Who else fondly remembers that very promising first season of HBO’s True Detective? For those who crave more, look no further than Scott Kenemore’s Lake of Darkness, a period crime thriller set in World War I era Chicago which is lightly peppered with elements of cosmic horror and the unexplainable. The novel follows Joe “Flip” Flippity, a Chicago PD officer tasked with catching a serial killer preying very specifically on young black twins in the South Side. Over the course of the investigation, Flip delves deeply into both Chicago’s seedy underbelly and its potential ties to the occult and otherworldly.
I’ll start off by assuring that the novel is a fun, fast read that is definitely worth your time if you enjoy crime fiction, but know going into it that this is mostly not a horror novel. The subject matter may be horrific, and it does wind its way back to the unknowable more than once, but the bulk of the narrative is a pure police procedural. To that end Kenemore excels, creating a believable snapshot of Chicago on the eve of prohibition populated by living, breathing characters who are entertaining to follow throughout the story. This is a novel which lives and dies by its setting, which is richly detailed and lovingly crafted– from the circus tents on the outskirts of town to the seedy brothels of the South Side, Lake of Darkness sometimes feels more concerned with period exploration than the mystery at the heart of the novel.
Honestly, if there’s anything lacking in the book it’s the mystery. At almost every point I found myself less than concerned with the identity of the killer and the resolution of the case than I was with simply enjoying the adventures of the ragtag group of protagonists. This could be because there are minor exposition dumps at both the midpoint and conclusion of the novel which would have been more engaging to encounter naturally. SPOILERS FOR THE REMAINDER OF THIS PARAGRAPH! The narrative could have been much more tense had Flip discovered a connection between the Chicago elites and the killings on his own and then had to contend more with those higher powers to some degree. Instead, they all but admit their part in what’s happening and the overall stakes feel lower for it, even when Flip discovers that the story the elites want to believe isn’t the entire truth of the matter. It never feels like the cast is in any real danger from the novel’s direct antagonists either, which is kind of strange given that one of the characters does get shot.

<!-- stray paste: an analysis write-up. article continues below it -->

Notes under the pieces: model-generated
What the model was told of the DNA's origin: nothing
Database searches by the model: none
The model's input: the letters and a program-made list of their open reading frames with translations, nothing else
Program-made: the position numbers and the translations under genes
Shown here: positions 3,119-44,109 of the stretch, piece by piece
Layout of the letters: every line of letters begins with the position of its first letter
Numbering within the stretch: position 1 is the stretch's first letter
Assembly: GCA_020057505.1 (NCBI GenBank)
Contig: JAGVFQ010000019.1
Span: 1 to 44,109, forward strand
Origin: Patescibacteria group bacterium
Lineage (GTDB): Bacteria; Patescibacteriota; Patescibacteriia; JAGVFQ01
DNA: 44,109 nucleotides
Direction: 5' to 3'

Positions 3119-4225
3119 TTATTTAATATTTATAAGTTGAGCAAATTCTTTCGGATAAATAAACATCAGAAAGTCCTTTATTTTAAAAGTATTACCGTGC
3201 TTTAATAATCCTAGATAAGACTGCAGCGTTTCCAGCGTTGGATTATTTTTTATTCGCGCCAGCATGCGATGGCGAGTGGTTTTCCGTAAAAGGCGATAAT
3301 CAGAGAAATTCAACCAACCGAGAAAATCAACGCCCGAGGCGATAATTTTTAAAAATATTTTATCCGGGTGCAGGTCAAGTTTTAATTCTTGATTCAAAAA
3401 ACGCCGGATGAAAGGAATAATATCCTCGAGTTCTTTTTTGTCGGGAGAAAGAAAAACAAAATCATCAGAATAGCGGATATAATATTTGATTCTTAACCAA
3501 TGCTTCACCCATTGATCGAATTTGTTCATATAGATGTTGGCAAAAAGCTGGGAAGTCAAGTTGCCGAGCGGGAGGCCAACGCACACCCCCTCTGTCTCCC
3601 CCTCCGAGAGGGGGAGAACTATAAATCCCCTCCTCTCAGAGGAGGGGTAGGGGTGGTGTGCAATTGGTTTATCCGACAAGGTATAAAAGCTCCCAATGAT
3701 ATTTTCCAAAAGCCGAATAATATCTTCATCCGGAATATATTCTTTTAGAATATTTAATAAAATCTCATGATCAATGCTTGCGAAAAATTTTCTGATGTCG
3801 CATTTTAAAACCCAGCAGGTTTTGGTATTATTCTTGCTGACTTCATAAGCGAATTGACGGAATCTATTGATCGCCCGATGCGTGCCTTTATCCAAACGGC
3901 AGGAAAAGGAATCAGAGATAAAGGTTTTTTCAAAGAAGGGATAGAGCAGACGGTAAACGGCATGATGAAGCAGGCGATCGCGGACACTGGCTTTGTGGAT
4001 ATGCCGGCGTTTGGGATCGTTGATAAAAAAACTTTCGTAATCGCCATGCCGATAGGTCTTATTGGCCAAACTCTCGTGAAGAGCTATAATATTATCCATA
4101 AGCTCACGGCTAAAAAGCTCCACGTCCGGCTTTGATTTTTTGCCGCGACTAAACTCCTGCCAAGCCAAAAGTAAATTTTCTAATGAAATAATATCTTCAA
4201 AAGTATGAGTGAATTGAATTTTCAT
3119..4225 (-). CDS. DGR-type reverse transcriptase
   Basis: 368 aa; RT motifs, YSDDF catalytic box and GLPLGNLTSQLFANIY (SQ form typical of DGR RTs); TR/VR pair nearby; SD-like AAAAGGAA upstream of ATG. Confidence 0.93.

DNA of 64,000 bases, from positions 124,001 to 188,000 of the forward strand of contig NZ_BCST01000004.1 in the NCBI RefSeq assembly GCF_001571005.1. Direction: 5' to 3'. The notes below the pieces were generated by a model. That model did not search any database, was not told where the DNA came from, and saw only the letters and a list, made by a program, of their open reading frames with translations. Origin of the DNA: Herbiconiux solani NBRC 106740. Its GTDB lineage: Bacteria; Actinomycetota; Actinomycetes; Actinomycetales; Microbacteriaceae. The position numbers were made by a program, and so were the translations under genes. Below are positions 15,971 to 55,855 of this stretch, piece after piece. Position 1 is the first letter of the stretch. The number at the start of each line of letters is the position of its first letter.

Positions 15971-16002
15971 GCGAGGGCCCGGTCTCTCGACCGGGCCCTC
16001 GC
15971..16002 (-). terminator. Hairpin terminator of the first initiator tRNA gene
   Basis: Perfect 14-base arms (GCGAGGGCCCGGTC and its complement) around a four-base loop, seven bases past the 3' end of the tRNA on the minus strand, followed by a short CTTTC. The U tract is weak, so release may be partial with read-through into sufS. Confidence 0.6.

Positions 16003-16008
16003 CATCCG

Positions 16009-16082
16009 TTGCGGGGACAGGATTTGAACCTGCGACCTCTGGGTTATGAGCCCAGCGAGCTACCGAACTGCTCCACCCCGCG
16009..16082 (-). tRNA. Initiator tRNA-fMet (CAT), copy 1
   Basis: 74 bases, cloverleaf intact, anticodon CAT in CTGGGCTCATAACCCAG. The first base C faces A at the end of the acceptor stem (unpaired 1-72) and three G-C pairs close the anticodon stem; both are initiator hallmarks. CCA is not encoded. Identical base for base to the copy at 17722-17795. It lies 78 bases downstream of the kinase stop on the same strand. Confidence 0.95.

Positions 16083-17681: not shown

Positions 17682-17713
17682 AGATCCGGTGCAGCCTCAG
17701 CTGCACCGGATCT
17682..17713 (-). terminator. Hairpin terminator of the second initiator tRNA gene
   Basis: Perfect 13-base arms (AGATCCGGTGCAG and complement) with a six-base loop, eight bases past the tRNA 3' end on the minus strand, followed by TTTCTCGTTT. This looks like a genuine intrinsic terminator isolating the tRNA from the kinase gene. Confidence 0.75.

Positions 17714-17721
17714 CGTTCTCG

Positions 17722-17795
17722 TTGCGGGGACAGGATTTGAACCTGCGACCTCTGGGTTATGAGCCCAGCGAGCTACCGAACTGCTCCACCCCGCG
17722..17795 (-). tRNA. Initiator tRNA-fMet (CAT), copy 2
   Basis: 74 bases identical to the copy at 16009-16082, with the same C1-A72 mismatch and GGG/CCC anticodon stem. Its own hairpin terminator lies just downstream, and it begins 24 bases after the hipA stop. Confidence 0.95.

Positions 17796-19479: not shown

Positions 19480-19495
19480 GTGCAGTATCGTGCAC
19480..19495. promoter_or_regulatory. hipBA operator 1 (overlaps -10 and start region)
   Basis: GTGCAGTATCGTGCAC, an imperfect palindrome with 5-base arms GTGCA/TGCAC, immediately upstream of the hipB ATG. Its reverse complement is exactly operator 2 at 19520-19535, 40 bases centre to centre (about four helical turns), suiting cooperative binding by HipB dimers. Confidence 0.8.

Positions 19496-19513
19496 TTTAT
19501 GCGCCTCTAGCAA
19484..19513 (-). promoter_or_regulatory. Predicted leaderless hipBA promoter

The supernatural is another matter entirely. However rare it may be over the course of the book, the unexplainable feels oppressive and threatening whenever it shows up. It speaks to the author’s restraint that he doesn’t rely on these elements more and is willing to leave them entirely unexplained until the last chapter, which answers one too many questions but also introduces a boatload more. Between all the strangeness involving Ursula and a chilling final paragraph, Kenemore nails the spirit of what makes cosmic horror tick. I know I probably sound like a broken record, but I can’t emphasize enough how much Lake of Darkness reminds me of the first season of True Detective, and therefore feel comfortable recommending the novel to fans of the latter without reservation. If you’re looking for a fast, gritty detective romp with a supernatural angle, look no further.
8 out of 10 Fermented Ramps